A digital strategy is so important to Intelex's decision making because "the massive intelligence that it's going to take to stop global warming and bring temperatures down even one degree is going to come from beyond these walls," he says.
"We believe it's critical to own that pipe of data," Mr. Jaine says.
It is not just owning the pipe, it is also understanding how to manage the information so others can use it that is important, says Bryan Smith, CEO of ThinkData Works Inc., a Toronto-based company that helps other companies leverage open data sources.
"Everyone knows that the data is valuable and everyone is looking for ways to monetize it, but often companies think they have better things to do," Mr. Smith says. Companies such as Intelex that can harness the data allow the other companies to go about their business while still gaining access to better knowledge and information.
Aside from trade secrets, making data widely available can benefit an entire sector. Intelex invests in technology that enables it to be the conduit for its customers to share all their EHSQ data with each other.
The premise it operates from is that, while companies may compete in business, it is in their interest to share information about the environment, health and safety.
"If one airplane goes down, the other airlines don't celebrate – they do the opposite. They want to collaborate to make sure that other planes don't crash. They're looking for best practices," he says. It is the same with climate change.
"We're spending a big pile of money right now into taking this concept of community and building it into our platform. It's about $20-million in investment to connect industries with each other to share this collective knowledge. Our R&D resources are invested in this."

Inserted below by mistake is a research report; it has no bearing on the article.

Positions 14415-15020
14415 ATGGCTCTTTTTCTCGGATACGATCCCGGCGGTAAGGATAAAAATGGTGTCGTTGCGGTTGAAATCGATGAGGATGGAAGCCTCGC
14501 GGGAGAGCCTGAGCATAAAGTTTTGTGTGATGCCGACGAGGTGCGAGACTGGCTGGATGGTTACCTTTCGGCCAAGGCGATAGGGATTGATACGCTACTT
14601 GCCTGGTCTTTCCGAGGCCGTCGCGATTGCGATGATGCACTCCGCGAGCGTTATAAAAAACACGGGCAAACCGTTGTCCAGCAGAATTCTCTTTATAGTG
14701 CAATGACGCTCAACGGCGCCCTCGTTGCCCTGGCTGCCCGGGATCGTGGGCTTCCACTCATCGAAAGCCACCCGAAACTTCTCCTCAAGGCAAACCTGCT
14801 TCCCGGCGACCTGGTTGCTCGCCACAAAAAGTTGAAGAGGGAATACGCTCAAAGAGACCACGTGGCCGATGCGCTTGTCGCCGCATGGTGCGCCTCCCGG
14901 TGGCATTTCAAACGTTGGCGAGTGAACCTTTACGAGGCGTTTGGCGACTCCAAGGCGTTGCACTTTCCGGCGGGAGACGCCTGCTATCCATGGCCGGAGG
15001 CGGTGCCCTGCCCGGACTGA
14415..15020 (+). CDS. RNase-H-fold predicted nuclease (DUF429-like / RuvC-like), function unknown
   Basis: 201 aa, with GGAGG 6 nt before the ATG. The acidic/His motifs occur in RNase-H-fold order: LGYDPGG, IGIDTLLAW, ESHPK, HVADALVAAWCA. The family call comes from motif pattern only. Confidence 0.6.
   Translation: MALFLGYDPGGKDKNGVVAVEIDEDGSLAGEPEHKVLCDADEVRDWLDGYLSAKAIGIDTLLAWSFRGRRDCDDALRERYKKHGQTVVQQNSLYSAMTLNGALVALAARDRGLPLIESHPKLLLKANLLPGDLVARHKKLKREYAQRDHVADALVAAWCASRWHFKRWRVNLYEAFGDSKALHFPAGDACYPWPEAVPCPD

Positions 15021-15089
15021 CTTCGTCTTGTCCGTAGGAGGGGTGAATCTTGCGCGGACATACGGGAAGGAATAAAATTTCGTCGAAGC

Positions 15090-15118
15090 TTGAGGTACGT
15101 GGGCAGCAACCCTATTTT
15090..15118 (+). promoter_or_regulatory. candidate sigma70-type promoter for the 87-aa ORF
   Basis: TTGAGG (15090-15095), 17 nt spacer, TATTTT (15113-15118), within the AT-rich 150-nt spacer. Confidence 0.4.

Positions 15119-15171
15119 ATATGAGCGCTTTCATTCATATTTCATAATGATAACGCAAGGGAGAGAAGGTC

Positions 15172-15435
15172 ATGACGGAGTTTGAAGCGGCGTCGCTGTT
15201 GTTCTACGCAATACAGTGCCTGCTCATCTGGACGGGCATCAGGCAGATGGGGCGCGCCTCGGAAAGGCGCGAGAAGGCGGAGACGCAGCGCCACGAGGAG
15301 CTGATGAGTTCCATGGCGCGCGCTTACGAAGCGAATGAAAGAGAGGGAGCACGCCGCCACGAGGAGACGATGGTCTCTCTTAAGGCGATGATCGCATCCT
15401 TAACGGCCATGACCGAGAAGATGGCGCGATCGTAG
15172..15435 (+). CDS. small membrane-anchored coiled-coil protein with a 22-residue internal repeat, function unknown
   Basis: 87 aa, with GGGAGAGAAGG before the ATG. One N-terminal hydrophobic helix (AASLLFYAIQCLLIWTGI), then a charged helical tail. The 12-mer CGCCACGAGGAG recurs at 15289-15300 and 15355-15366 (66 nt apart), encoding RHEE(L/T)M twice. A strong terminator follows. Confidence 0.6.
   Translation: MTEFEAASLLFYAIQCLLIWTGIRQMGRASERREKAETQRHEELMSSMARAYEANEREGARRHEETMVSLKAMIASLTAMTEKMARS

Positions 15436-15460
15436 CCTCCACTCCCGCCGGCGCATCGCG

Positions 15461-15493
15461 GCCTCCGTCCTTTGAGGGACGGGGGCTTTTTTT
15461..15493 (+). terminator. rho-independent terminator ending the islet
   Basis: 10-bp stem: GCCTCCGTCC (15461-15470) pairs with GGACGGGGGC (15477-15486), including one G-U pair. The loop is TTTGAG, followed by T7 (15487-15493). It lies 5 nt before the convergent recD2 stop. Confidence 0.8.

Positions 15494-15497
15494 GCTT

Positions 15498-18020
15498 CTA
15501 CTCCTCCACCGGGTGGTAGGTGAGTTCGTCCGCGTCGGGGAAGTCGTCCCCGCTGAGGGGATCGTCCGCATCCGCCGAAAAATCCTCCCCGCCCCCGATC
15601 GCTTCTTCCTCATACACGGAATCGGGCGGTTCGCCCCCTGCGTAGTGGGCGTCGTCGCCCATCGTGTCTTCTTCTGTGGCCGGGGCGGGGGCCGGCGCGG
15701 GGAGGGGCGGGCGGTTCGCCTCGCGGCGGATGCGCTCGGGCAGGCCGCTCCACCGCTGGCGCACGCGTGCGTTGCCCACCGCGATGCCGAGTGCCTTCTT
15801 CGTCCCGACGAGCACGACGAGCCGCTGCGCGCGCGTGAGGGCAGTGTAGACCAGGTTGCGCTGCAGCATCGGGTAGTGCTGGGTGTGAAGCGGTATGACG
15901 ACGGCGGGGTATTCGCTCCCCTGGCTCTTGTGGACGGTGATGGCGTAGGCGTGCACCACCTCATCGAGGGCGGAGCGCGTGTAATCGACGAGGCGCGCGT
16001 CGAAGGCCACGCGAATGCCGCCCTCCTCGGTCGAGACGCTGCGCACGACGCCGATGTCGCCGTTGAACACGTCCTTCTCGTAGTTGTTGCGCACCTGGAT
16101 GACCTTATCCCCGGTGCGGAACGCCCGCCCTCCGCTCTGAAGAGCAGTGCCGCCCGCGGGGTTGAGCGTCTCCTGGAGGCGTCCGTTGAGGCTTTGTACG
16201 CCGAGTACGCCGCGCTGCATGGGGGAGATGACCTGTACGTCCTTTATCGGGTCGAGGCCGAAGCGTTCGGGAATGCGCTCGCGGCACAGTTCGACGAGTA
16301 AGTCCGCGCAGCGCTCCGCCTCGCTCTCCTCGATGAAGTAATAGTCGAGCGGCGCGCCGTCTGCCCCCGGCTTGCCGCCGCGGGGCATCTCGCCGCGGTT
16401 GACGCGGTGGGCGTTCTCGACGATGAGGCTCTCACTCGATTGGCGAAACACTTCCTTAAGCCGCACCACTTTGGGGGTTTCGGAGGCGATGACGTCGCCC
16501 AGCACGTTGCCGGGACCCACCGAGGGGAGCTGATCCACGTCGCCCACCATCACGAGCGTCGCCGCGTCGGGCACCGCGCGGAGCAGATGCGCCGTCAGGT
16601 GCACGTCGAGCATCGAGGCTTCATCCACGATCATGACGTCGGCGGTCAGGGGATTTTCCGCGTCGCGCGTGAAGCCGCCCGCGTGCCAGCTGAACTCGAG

The airline analogy is an appropriate one, says Joe Greenwood, executive lead, data and program director of the MaRS Discovery District's Data Catalyst.
"An aircraft engine manufacturer today isn't selling the airlines engines – it's selling lifetime hours of service," he explains.
"The engines are loaded with sensors, which provide data to the manufacturer to keep the engine running properly for its expected life." In other words, the data becomes more important than the physical parts, which can be replaced and renovated as needed.
Another part of Intelex's strategy is to provide context to the EHSQ data it offers its customers, Mr. Jaine adds. There's always a danger of clients becoming overwhelmed with a flood of information that can stop making sense.
"Ten years ago we collected less data but we showed it all to the customer. Today we collect lots more but we show less to the customer. Companies get totally overwhelmed with data and they don't know what to do with themselves. It's our job to simplify that and target exactly what they need to do," he says.
Mr. Jaine takes note of the wholesale gutting of environmental and health regulations that is taking place in the United States. It only makes digital collaboration more important and Intelex is happy to grow and profit by providing the tools, he says.